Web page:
A dynamic bureaucracy must also have a superior culture, such as anticorruption, meritocracy and performance-oriented. Bureaucratic culture changes in Indonesian history have never been done in a structured and long-term manner. Although five years ago President Jokowi launched the Mental Revolution, the results are yet to be seen. This, according to the writer, will be a big obstacle in changing the structure of Indonesia's bureaucracy. There is no other choice, President Jokowi must put change in bureaucratic culture as a development priority in the next five years and implement it seriously.
Streamlining the bureaucracy is not enough only to increase global competitiveness. The government must strengthen the quality of public policies. The problem of Indonesia's bureaucracy is the inability to make data, information and knowledge-based policies, and apply them in the long term. Let alone disruptive changes, the civil servants who are needed are those who are able to prepare good public policies.
Streamlining bureaucratic echelons, therefore, is not a single agenda because it must be followed by various other changes. If the President's order regarding the streamlining of the bureaucracy is to be carried out, there are several stages that must be taken. First, with guidance from the Administrative and Bureaucratic Reform Ministry, each ministry or agency must identify and propose echelon 3, 4, and 5 positions that can be cut. Position criteria should be prioritized for positions that are close to functional positions.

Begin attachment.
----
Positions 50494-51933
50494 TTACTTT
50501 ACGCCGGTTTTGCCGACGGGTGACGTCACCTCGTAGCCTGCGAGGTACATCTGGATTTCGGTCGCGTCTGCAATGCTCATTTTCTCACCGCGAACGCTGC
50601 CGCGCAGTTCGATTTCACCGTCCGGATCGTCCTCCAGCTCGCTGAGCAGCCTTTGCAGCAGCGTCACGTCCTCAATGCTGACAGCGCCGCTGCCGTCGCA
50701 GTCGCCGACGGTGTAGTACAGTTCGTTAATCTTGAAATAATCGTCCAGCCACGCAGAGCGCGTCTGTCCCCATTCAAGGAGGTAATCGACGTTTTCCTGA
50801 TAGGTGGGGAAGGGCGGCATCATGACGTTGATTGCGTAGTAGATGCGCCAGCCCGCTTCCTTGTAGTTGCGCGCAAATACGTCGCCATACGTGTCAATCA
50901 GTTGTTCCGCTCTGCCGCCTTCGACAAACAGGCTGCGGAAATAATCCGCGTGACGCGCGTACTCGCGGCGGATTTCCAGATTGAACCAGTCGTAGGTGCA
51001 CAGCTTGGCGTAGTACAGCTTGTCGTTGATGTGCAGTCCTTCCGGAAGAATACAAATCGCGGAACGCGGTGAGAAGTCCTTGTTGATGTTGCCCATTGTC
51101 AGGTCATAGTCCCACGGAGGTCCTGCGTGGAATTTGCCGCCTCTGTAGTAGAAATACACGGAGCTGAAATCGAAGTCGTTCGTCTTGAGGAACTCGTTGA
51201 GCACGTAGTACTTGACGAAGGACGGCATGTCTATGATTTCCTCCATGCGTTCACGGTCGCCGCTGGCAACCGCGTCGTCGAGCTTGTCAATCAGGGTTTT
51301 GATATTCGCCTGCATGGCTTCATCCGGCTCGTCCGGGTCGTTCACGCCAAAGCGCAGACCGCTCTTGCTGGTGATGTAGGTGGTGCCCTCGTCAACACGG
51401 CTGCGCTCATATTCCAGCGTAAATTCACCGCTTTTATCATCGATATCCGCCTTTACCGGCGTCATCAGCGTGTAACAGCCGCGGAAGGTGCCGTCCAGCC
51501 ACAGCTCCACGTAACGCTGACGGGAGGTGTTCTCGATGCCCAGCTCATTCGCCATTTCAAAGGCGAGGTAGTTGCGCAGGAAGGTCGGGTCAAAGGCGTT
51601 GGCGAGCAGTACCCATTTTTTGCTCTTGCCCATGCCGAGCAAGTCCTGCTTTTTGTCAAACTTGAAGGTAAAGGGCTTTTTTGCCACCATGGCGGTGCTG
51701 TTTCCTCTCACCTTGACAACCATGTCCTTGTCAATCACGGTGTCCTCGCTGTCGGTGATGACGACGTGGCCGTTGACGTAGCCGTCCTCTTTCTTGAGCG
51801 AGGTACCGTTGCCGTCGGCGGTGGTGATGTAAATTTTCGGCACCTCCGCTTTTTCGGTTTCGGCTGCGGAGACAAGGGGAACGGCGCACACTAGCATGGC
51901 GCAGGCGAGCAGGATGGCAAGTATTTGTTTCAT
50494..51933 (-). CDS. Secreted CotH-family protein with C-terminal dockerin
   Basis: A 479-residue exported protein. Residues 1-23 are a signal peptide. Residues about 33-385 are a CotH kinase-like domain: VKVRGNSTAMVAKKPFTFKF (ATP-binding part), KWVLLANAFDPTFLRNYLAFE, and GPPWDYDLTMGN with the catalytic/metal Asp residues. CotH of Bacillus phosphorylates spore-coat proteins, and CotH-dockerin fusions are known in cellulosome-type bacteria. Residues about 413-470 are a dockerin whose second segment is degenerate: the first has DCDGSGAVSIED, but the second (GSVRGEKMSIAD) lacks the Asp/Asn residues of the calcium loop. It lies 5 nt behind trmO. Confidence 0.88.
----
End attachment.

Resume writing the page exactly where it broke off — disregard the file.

This change is certainly not easy, but if we don't do it today, surely by tomorrow it will never be finished.
Second, prepare and strengthen functional positions with clear career patterns, adequate incentives and motivate the civil servants, and build pride in working in functional positions. Third, do a national mapping of the needs of functional positions so that the civil servants not only work in their old environment, but can be distributed to various ministries, institutions and also local governments. Thus, the echelon-streamlining program will also reduce the silo mentality and sectoral ego.
Fourth, prepare change management, including an early retirement scheme for the civil servants who no longer have the competence and wish to choose a second career in the private sector. This change is certainly not easy, but if we don't do it today, surely by tomorrow it will never be finished.
Eko Prasojo, Professor and Dean of the Administration Science School of the University of Indonesia
Kompas, 26 Oktober 2019
Sent from my BlackBerry 10 smartphone on the Telkomsel network.